COTA leads the way in loneliness battle

Council on the Ageing (COTA) Queensland’s Chief Executive Officer Darren Young and Minister for Seniors Charis Mullen.

Council on the Ageing (COTA) Queensland is the first peak body for Seniors Social Isolation Prevention aimed at supporting more older people to stay connected with each other and their communities.

COTA Queensland will receive $1.25 million over five years to provide leadership and advice to more than 40 funded services throughout the state and provide research and advice to government about the impacts of social isolation for older people.

The funding is part of a $12.5 million five-year investment to improve the quality of life for older Queenslanders at risk of social isolation or loneliness due to health issues, loss of family and friends, or limited mobility and income.

As part of the new role, COTA Queensland will deliver training and service development opportunities for funded organisations, as well as explore online activities and volunteering in local communities for older Queenslanders.

Minister for Seniors Charis Mullen said Around 79,000 older Queenslanders accessed Seniors Social Isolation Prevention services in 2022-23, helping them to feel more connected through activities such as line dancing, bare foot bowls and yoga.

“This is the first time the Queensland Government has funded a peak body for Seniors Social Isolation Prevention, reflecting the importance of older people staying connected and engaged,” the minister said.

“COTA Queensland does a fantastic job advocating for older people and I know they will be a great support to the many Seniors Social Isolation services throughout the state.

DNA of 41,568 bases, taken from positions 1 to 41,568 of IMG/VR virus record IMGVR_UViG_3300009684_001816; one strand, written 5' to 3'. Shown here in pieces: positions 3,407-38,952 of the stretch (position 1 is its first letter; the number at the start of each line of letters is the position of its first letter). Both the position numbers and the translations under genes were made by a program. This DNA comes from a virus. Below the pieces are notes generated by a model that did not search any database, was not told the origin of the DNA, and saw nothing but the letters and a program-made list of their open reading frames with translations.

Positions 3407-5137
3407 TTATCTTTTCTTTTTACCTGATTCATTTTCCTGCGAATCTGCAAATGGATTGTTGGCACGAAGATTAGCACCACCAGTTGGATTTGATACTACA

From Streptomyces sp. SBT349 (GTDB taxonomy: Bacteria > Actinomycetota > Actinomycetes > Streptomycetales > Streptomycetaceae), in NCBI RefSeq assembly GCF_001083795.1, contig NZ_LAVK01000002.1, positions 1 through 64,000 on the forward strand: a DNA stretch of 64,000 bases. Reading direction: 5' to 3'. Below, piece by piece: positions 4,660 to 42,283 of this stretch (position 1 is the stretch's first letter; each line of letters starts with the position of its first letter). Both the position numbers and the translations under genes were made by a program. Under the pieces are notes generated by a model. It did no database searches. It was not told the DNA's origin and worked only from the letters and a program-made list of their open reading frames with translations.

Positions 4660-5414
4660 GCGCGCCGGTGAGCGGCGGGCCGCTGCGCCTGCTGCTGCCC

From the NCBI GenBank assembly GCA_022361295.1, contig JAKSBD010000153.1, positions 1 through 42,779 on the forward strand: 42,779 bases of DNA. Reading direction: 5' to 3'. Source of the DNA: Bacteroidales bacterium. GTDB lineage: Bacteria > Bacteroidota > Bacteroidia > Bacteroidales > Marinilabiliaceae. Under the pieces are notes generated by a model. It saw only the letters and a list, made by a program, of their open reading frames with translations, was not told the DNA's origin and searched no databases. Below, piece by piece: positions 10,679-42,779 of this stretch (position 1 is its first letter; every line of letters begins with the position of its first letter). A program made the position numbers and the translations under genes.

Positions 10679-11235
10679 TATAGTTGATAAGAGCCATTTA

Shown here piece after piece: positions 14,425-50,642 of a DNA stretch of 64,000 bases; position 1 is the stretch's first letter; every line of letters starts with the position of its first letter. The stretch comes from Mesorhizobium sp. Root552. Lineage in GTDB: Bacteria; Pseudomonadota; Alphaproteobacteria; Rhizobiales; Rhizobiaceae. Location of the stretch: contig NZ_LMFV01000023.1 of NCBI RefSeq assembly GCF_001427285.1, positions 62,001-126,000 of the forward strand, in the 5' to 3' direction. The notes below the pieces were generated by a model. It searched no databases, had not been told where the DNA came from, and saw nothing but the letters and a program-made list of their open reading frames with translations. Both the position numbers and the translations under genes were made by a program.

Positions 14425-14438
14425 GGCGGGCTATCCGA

“Older Queenslanders deserve to feel connected and cared for and these services do a wonderful job bringing people together to learn about what support is available while having some fun at the same time.”

Council on the Ageing (COTA) Queensland’s Chief Executive Officer Darren Young welcomed the announcement.

“Social isolation and loneliness can be a significant threat to wellbeing and quality of life for more vulnerable older people as they age,” he said.

“We are delighted that the Queensland Government has offered us the opportunity to take on the role of the seniors’ social isolation peak service.

“The loss of a partner, difficulty with transport, absence of family, struggling with English as a second language or just finding it difficult to pick up a phone or use a computer – these are all things that can contribute to social isolation.

“As the new Seniors Social Isolation Peak Body, we look forward to collaborating with the many trusted local community organisations who deliver front line services and programs and make significant contribution to social isolation prevention.”

The announcement was made at the Bribie Island Seniors Expo, one of the many expos and pop-ups events to inform seniors about the 18 rebates and concessions available to them.

Since 2021, more than 16,000 seniors have attended the events, with more than 300 alone this year.

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